Paradox – Heresy II: End of A Legend (AFM Records)

Wednesday, 13th October 2021
Rating: 9/10

Rumors abound years back when preparing for the follow up to 2012’s Tales of the Weird album that German act Paradox would release a sequel to their second record Heresy, one of their iconic records in their discography from 1990. Alas, we had to wait until 2021 for reality to strike for Heresy II: End of a Legend, but the meticulous care and effort should pay dividends for the listeners as this is a mammoth undertaking. Prepare to process thirteen tracks and over seventy-five minutes of music, as founding guitarist/vocalist Charly Steinhauer assembles a killer lineup of players (drummer Alex Blaha, bassist Olly Keller, and second guitarist Christian Münzner) plus previous Heresy lyricist Peter Vogt add to the 13th century Catholic Church crusade storyline from a fictional perspective.

Those unfamiliar with Paradox style-wise should enjoy a power/speed template, full of relentless riffs, equally fast vocal melodies, and the occasional moody mid-tempo transitions to set up specific twists and turns – as well as engaging / fluid solo mechanics. Think Metallica at the height of their powers during Ride the Lightning / Master of Puppets, along with a bit of Metal Church, Testament, and Annihilator. Massive downpicking that maintains a jackhammer precision becomes the norm – although there are sequences of slow evolving guitar harmonies and haunting clean axe work that add in a classic, traditional vibe (check out the nine-minute plus “A Meeting of Minds” for this aspect). Religious chanting and ambiance come in for the “Unholy Conspiracy” shorter interlude to set up the crunchy headbanger “A Man of Sorrow (Prologue)”, one of the catchiest Paradox tracks here, Charly using a bit more of his lower register in a soothing, melodic manner. There is a lot of musical information to dive into, absorb, and process – so favorites can change by the day. The fire effects and keyboard accents to the clean guitars soon give way to a grand electric start for “Escape from the Burning” – the opener containing all the right stop/start rhythms, steady drumming, and supporting chorus/lead work that speed/thrash devotees champion, while “Children of a Virgin” has the proper gallop and galvanizing spirit to be another propelling arrangement, layers of voices and music working in tandem to tantalize as if in mid-80’s glory years.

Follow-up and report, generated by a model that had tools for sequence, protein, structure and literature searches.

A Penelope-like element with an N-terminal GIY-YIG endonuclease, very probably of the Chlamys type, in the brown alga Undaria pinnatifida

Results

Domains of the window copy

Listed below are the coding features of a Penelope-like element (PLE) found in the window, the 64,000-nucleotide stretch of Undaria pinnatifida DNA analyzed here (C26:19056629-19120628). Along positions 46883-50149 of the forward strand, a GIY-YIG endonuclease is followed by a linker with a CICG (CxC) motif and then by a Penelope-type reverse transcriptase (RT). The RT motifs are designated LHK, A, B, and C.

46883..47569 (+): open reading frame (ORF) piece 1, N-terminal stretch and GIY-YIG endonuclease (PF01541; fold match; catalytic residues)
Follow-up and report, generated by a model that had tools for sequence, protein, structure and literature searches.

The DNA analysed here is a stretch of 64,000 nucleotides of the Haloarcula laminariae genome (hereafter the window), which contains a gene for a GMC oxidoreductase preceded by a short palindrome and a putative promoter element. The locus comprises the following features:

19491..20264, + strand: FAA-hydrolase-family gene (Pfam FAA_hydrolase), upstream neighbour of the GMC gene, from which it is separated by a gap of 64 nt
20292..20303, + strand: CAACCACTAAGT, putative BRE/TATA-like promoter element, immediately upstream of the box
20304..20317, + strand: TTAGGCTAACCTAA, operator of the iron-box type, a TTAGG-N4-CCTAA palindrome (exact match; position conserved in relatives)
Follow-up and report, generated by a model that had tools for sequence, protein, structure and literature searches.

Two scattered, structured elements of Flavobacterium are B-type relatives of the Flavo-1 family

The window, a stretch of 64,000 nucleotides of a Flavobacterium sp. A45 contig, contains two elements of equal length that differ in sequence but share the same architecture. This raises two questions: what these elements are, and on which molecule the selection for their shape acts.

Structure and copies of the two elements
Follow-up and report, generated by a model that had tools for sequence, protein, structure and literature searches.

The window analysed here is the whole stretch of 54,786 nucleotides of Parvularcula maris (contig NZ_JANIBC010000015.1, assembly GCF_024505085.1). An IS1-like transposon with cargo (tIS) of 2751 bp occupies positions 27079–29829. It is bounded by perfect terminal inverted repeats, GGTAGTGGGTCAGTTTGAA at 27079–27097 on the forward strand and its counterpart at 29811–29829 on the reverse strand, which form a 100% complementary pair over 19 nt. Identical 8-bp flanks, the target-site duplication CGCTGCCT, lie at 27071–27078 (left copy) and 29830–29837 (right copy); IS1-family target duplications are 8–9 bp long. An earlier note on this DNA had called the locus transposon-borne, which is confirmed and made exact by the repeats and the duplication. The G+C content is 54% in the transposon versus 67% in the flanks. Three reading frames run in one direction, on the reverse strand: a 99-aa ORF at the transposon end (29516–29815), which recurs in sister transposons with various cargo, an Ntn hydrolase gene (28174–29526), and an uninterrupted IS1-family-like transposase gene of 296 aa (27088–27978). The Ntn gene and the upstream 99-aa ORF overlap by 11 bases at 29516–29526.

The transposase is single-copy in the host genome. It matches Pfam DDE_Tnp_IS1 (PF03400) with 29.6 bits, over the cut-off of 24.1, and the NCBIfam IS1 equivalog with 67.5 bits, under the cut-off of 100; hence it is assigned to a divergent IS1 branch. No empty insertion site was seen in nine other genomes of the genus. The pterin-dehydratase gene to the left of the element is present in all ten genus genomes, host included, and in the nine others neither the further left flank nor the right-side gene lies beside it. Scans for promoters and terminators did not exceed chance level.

Add in a Travis Smith artwork that is equally chilling and mysterious and most will be satisfied that Paradox has created a proper sequel that has the benefit of modern technology at its disposal but not necessarily chained to its lack of human feel coming across in these performances. German speed/power/thrash at its finest here.

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